Panelists discuss how they have partnered with state and local governments to test questions related to school choice, parental engagement, and summer jobs programs.

The evaluation in Boston is one of several ongoing evaluations of summer jobs programs across the country. Together, they have the potential to contribute new insights. For example, the City of Philadelphia Mayor’s Office and J-PAL affiliate Sara Heller are partnering with J-PAL North America through the State and Local Innovation Initiative to study how the city’s summer jobs program impacts students’ academic achievement, future employment, and other social outcomes like substance abuse and rates of teen pregnancy.

Communicating evidence and influencing policy

A key question that emerged across the convening is how to communicate research results to produce timely and meaningful policy impact.

In a panel entitled "Turning Evidence into a Compelling Story: How to Communicate Research Findings to Enable Policy Change" (watch the video), David Yokum, adjunct associate professor at Brown University and former director of The Lab @ DC, shared his experiences disseminating the results from a randomized evaluation of the Metropolitan Policy Department’s body-worn camera program.

“For the body-worn camera study, we did have a technical paper of course, but we also had a website and did about 20 or so different community events, held with chiefs of police and police unions, the ACLU and Black Lives Matter, [and] high schools and various libraries. We placed stories in the Washington Post and other media outlets, recorded a podcast, and really just tried to tell the story in many different places, because the ways in which people encounter information is quite variable."

Image: Panelists discuss their experiences bridging communications barriers between research and policy.

Panelists discuss their experiences bridging communications barriers between research and policy.

The Metropolitan Police Department study was one of many examples shared of efforts to bridge the policy and research worlds by making research more policy-relevant and by embedding rigorous evaluation and evidence into policymaking. In a panel entitled "Perspectives on Scaling Up" (watch the video), panelists detailed how they paired research with practice to bring effective programs to scale in contexts beyond those of the original study or studies.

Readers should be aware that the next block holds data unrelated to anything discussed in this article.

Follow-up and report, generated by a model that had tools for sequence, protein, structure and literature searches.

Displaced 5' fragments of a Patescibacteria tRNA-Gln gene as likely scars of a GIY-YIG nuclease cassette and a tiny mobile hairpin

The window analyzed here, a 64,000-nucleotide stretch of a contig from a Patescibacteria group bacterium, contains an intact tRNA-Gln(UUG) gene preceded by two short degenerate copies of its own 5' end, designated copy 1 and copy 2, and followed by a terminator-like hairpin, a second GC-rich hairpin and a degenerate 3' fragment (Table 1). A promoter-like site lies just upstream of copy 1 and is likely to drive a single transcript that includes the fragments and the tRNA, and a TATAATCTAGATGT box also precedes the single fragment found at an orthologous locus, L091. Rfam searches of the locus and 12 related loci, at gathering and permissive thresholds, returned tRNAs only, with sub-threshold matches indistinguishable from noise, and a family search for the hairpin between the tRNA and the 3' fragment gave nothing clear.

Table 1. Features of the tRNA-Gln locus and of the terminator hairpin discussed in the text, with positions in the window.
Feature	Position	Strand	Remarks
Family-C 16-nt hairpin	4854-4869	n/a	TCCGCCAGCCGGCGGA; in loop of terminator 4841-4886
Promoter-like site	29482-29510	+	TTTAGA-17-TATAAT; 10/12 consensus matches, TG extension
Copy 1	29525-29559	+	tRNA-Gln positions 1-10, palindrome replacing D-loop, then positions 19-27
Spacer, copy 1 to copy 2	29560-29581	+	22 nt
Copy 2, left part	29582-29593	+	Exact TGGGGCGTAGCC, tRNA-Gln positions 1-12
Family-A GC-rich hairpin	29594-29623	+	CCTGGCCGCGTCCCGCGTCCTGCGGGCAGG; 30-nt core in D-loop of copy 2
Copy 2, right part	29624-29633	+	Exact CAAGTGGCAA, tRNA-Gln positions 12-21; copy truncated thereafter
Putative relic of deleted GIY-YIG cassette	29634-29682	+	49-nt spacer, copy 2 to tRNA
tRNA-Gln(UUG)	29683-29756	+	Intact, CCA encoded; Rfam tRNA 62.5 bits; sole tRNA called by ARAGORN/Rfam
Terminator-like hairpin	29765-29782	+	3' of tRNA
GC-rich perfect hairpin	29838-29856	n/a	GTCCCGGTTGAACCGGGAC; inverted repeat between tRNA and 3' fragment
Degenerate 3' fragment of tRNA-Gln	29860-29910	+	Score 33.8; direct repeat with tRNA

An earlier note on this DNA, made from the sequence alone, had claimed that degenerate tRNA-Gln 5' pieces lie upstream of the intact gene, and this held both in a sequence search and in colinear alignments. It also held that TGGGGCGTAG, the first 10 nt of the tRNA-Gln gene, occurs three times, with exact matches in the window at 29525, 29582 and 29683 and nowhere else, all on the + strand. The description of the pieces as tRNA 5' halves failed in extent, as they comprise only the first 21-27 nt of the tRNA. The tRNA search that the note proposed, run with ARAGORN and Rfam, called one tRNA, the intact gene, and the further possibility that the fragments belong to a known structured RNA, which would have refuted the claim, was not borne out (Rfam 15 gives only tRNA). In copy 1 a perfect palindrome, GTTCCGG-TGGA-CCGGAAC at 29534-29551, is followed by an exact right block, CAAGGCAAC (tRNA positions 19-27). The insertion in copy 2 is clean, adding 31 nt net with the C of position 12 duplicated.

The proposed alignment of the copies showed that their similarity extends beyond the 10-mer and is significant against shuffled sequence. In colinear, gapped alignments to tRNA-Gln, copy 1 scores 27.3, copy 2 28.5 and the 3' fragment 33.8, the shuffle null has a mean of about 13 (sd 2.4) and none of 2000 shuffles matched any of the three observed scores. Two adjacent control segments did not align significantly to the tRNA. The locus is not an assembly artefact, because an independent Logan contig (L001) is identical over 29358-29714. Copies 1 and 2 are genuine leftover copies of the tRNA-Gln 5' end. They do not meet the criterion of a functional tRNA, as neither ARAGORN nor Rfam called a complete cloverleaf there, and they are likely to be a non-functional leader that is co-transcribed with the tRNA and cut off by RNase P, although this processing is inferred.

A call for more researcher-policymaker partnerships

The participants at Building Evidence, Advancing Policy, Impacting Lives demonstrate how governments and researchers can form mutually beneficial, long-term partnerships. Together, academic researchers, policymakers, funders, and research organizations can advance evidence-based policies that stand to improve the lives of the people they serve, and in particular those living in poverty. 

Image: Terri Smith of the Metropolitan Council Housing and Redevelopment Authority and Alyssa Erickson of the Minneapolis Public Housing Authority highlight the convening’s theme to “Build Evidence, Advance Policy, and Impact Lives.”

Terri Smith of the Metropolitan Council Housing and Redevelopment Authority and Alyssa Erickson of the Minneapolis Public Housing Authority highlight the convening’s theme to “Build Evidence, Advance Policy, and Impact Lives.”

The J-PAL North America State and Local Innovation Initiative is now accepting letters of interest from state and local governments that are interested in developing randomized evaluations to test policy-relevant questions. See the Initiative website to learn more about this opportunity.

Government representatives, researchers, and others can also sign up to receive State and Local Innovation Initiative updates, including research results, upcoming events and webinars, and partnership opportunities.

For additional event details and videos of each speaker from the conference, visit our event page.

Posted by Jacob Binder, Policy Associate, J-PAL North America